Imagine a future where pesky flat-packed furniture could just assemble itself. Well, that’s a future scenario that we can glimpse today. In a study published in Nature Communications, researchers from Harvard describe a new type of bending and folding mechanical metamaterial–materials made to have properties that don’t occur naturally.
The artificial material is inspired by a method of origami called snapology. Using this way of folding ribbons of paper into geometric structures, the team was able to build a complex shape using small cubic units. At the side hinges of each unit, they added a little air pocket, which serves as the pneumatic actuator, the device that converts energy into motion or movement.
By programming the actuator ahead of time, the structure becomes a self-sufficient material that can fold down into a flat piece for transport, and then pop back up into a 3D structure when it arrives at its destination, or it could use its deforming capabilities to better adapt to its environment.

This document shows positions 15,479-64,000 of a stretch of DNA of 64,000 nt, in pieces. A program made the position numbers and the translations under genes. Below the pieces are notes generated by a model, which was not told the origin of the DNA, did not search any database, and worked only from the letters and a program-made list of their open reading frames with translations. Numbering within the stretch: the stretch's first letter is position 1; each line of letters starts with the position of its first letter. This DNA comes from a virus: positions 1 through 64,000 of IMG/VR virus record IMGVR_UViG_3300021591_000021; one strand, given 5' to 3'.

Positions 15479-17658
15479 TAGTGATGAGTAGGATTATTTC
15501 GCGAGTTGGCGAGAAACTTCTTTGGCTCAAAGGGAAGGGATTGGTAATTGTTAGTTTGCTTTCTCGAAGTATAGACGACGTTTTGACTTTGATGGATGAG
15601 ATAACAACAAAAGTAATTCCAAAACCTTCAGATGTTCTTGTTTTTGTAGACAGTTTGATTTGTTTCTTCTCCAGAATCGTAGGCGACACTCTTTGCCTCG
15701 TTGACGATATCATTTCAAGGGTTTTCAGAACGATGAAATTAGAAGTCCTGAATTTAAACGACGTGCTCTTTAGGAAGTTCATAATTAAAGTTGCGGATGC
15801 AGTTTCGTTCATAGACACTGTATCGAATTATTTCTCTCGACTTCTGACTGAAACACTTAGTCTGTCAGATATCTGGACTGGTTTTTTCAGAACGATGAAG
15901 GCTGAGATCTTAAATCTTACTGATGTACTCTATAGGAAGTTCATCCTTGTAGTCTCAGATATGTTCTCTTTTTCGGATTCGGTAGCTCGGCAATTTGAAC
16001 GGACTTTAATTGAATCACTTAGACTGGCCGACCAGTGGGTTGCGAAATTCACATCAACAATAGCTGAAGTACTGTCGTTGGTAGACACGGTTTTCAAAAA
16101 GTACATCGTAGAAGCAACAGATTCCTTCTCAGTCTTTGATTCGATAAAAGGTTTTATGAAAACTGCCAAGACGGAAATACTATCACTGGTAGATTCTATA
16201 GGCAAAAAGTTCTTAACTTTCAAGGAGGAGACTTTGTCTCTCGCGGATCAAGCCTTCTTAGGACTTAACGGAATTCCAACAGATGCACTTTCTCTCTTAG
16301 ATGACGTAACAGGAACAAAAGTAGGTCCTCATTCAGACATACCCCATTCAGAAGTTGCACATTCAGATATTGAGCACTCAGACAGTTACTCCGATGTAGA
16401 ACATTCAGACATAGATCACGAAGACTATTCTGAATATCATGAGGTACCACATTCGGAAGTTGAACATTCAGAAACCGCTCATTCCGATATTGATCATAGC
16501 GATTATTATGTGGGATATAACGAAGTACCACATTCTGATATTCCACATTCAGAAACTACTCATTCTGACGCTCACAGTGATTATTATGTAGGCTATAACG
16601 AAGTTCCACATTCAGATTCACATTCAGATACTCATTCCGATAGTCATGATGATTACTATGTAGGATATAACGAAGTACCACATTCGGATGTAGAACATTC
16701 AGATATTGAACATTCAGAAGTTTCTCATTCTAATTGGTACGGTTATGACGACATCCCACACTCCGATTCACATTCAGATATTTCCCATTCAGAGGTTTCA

For the study, the researchers tested the concept using a tiny model on the centimeter scale, but they say that the design is scalable and could be easily adapted for both micro- and nano-scale applications, or up to the meter-scale. That means applications could be vast and versatile from something as small as a surgical stent, to as large as an emergency shelter for disaster relief or a structure that could be deployed into space.
“This structural system has fascinating implications for dynamic architecture including portable shelters, adaptive building facades and retractable roofs,” one of the study authors Chuck Hoberman said in a press release. See the metamaterial’s folding abilities in action in the video below.